According to a new study published in BJOG: An International Journal of Obstetrics and Gynaecology, older moms-to-be are at increased risk of requiring emergency measures to give birth, whether that’s a C-section or an “operative vaginal delivery,” which includes forceps or ventouse. In fact, the study found that women over 40 had triple the rate of emergency C-sections, and nearly double the rate of operative vaginal deliveries of women 20 to 24. Women over 40 had a 22.4 percent emergency c-section rate, and a 23.7 percent rate of use of forceps or ventouse. And those rates aren’t just for high-risk moms-to-be: That’s the rate for healthy older moms.
But maternal age wasn’t the only risk factor for these emergency interventions—using an epidural, induction of labor, large birthweight or a gestational age over 41 weeks were also factors.
Long story short? If you’re an older mom, your doctor should be aware of the likelihood that intervention may be necessary—and you should be realistic about your odds of requiring a little help to bring that baby into the world.
Tell us: If you’re an older mom, did you have an unexpected C-section or another emergency intervention? How did you handle it?
“We would love more children if God saw fit to give us more, I just want to make sure that I am ready to catch a baby if that would happen,” Michelle Duggar says in tonight’s episode, as she goes to see Dr. Paul Wendel, an ob-gyn in Little Rock, Arkansas, who specializes in high-risk pregnancies.
At 47, if Michelle were to get pregnant again, it would be considered a high-risk pregnancy as the risk of birth defects and complications rise with age. Her doctor says getting pregnant at her age isn’t impossible (just look at Halle Berry!), but “very unusual.” “As we age, your chance of getting pregnant naturally begins to drop. And in the mid-40s it drops to less than 5 percent.”
He also shared that if Michelle were to get pregnant the chances of having a child with down syndrome would be high. (At age 47, the risk is as high as 1 in 4. In comparison, at age 24 the rate is 1 in 2,000.) Of course, this isn’t new news to Michelle, who has had six children since turning 36.
While Michelle would love to have another baby, she says she will be able to come to terms with not having any more children—if it should come to that. “If I am in that season of life where we’re not able to have any more, then I’m fine, I ‘m happy with that,” she says in the clip. “But if there are things physically I need to know, that I need to do, health-wise just to be ready to catch a baby if God saw fit to give us one.”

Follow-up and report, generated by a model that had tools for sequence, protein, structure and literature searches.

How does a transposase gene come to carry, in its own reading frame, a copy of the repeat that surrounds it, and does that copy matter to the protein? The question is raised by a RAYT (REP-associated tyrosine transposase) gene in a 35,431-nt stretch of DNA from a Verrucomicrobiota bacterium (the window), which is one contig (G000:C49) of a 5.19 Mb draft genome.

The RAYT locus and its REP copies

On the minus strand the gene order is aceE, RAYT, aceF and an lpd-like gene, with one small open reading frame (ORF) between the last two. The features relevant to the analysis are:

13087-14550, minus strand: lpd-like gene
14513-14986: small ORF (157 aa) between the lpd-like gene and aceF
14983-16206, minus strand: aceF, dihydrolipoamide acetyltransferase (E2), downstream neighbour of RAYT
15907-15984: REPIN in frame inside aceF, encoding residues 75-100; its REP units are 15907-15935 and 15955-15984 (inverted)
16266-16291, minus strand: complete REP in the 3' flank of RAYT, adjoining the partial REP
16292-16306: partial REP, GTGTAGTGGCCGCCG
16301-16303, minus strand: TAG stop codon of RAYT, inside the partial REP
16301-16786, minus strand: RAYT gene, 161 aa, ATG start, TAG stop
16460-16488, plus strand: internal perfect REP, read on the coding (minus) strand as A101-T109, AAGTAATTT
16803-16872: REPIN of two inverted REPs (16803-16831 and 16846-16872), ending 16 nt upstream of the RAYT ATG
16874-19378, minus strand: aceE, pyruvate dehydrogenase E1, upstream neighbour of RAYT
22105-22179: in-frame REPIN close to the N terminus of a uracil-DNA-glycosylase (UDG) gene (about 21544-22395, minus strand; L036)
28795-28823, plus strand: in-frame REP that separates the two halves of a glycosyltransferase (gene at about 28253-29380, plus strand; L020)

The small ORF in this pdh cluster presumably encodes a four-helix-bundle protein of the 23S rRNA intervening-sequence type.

A 37-year-old woman, who claimed to be 41-weeks pregnant and in pain, was given an emergency C-section in Brazil—then doctors discovered she was never actually pregnant! She had what’s called a phantom or false pregnancy, where women have all of the symptoms of being preggers, including an enlarged abdomen, loss of menstruation, nausea, fatigue and even engorged breasts. So when doctors couldn’t find the baby’s heartbeat, they immediately went into baby-saving mode, hence the C-section.
Phantom pregnancies are quite rare only occurring between one to six times out of every 22,000 reported pregnancies. According to the Guardian Express, “For some women, a medical condition unrelated to pregnancy may be to blame for the signs and symptoms associated with a phantom pregnancy. Ovarian tumors can account for some of the symptoms associated with pregnancy as can severe depression in rare cases.
For most women with a phantom pregnancy, however, the cause is strictly psychological. Women who have suffered previous miscarriages and infertility are much more likely to have phantom pregnancies, as are women in their thirties and forties who have been unable to have children and may perceive that time is running out for them to do so.”
Talk about mind over matter—it is thought for many of these women, that they want to be pregnant so badly that their minds actually trick their bodies into believing they are, and the pregnancy symptoms kick in. The really sad part is that the woman’s husband reportedly told doctors that this was her second false pregnancy within a year. The only thing that got me through the intense morning sickness, foot swelling, back pain, and heartburn was knowing that in the end, I’d have a beautiful baby to make all of it worth it. I can’t even imagine how difficult it would be to go through nine months of pregnancy symptoms only to be told that there never was a pregnancy at all. If you didn’t have psychological issues before that, you certainly would in the end! I hope this woman gets the treatment she needs.
TELL US: Have you ever thought you were pregnant only to find out you weren’t? Can you imagine that feeling on this grand of a scale?